3
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The output of the command

Limit[D[(Exp[x]-1-x)/x^2,{x, n}],x ->0,Direction-> "FromAbove",Assumptions -> n > 2 &&
 n \[Element] Integers]

((DirectedInfinity[(-1)^n] + DirectedInfinity[(-1)^(1 + n)]) n!)/Gamma[2 + n]

is meaningless in view of

((DirectedInfinity[(-1)^n] + DirectedInfinity[(-1)^(1 + n)]) n!)/  Gamma[2 + n] /. n -> 3

Indeterminate

and

Limit[((DirectedInfinity[(-1)^n] + 
  DirectedInfinity[(-1)^(1 + n)]) n!)/Gamma[2 + n], n -> 3]

which returns the input.

It is clearly understood that the result of

FullSimplify[FindSequenceFunction[Table[Limit[D[(Exp[x] - 1 - x)/x^2, {x, n}], x -> 0, 
Direction -> "FromAbove"], {n, 3, 6}], n] /. n -> n - 2]

1/(2 + 3 n + n^2)

is only a guess, not a workaround. We still have no certainty about the values of the limit under consideration for astronomic values of n (BTW, FindSequenceFunction[{-3, 5, -7, 9, -11}, n] returns the input.).

Is there a relaible workaround for this limit?

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2 Answers 2

3
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The limit of the $n$th derivative of a function at zero is equal to $n!$ times the $n$th coefficient in the functions Maclaurin series:

limit[n_] := n! SeriesCoefficient[(Exp[x] - 1 - x)/x^2, {x, 0, n}]
Simplify[limit[n], Assumptions -> n >= 2 && n \[Element] Integers]

(* n!/(2 + n)! *)

Why Mathematica doesn't simplify this further to 1/((n+1)(n+2)) I can't say, but it's definitely a more useful form than what Limit yields.

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3
  • $\begingroup$ +1. A clever move. However, I hesitate to accept your answer since " The limit of the $n$th derivative of a function at zero is equal to $n!$ times the $n$th coefficient in the functions Maclaurin series" is made by hand. $\endgroup$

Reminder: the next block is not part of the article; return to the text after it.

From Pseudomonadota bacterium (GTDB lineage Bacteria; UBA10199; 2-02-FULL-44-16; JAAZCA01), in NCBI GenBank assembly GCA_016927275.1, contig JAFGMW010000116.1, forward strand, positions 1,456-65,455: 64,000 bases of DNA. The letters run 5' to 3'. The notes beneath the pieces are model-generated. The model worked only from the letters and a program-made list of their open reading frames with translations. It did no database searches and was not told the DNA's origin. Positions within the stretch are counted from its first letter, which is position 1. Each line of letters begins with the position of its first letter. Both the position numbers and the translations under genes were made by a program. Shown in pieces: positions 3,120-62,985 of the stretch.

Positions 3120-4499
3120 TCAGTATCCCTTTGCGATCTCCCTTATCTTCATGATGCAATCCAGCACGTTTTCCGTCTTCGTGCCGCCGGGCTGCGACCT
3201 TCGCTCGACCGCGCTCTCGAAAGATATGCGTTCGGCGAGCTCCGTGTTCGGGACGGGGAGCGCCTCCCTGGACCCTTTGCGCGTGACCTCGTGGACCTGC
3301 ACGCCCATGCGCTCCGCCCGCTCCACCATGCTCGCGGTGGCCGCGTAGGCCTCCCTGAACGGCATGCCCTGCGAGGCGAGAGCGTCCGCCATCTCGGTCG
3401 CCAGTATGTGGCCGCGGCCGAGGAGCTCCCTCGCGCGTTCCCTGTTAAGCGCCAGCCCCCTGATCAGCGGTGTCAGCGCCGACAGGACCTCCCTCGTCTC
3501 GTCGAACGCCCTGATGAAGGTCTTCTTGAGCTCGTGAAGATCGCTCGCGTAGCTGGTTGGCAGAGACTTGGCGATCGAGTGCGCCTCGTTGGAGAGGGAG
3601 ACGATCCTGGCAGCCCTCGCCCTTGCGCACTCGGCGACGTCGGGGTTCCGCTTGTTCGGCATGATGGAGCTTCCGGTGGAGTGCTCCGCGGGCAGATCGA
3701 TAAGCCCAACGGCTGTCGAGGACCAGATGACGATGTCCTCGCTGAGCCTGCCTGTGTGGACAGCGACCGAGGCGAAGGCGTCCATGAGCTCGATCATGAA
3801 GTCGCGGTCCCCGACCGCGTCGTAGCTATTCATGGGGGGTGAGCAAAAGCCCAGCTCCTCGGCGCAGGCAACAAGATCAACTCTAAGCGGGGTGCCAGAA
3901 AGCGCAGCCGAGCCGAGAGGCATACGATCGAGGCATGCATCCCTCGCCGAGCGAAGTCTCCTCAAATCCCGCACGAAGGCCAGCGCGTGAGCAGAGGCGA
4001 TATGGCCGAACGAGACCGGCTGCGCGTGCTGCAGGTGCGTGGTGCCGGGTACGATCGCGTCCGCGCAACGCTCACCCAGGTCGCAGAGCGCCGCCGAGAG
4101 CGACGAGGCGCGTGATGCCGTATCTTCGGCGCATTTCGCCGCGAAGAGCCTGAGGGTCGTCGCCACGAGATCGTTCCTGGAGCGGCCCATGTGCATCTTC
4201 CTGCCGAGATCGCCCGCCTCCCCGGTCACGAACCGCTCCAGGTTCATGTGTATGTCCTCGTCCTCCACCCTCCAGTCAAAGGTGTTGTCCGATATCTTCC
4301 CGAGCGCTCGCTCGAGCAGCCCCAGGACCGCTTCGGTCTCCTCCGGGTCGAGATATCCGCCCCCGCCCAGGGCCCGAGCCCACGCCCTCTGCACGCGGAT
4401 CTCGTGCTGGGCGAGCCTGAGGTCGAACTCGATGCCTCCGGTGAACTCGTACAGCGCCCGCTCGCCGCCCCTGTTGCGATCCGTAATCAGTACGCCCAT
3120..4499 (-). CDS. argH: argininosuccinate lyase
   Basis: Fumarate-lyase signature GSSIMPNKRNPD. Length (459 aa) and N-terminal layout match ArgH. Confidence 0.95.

– user64494
    Sep 8, 2021 at 13:13
  • $\begingroup$ @user64494: Fair enough; perhaps someone will come up with something more automated. $\endgroup$ Sep 8, 2021 at 13:16
  • $\begingroup$ I draw a decision to accept it. $\endgroup$
    – user64494
    Sep 8, 2021 at 16:12
4
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Using this command

Assuming[n > 2 && Element[n, Integers], 
 Limit[D[(Exp[x] - 1 - x)/x^2, {x, n}] // Simplify, x -> 0] //FunctionExpand]

I am getting

$$\frac{1}{(n+1) (n+2)}.$$

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4
  • $\begingroup$ -1. Sorry, cannot reproduce it (see Dropbox) on a fresh kernel of 12.3.1. $\endgroup$
    – user64494
    Sep 8, 2021 at 16:07
  • $\begingroup$ @user64494 I'm also on fresh kernel. Not my fault, we probably have different versions. I am 11.1.1 for Mac OS X x86 (64-bit) (April 27, 2017) $\endgroup$
    – yarchik
    Sep 8, 2021 at 16:27
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    $\begingroup$ @user64494 But as a side note, your downvote is not fare in this situation. The criticism is directed towards a person who simply had a few minutes of free time and wanted to help. If I were you, I would not close the post so fast, but would wait for the comments of other people, to see at what version the problem emerged. Maybe its just the default options for the Limit. $\endgroup$
    – yarchik
    Sep 8, 2021 at 16:34
  • $\begingroup$ The same result in Wolfram Cloud (see Dropbox). $\endgroup$
    – user64494
    Sep 8, 2021 at 17:14

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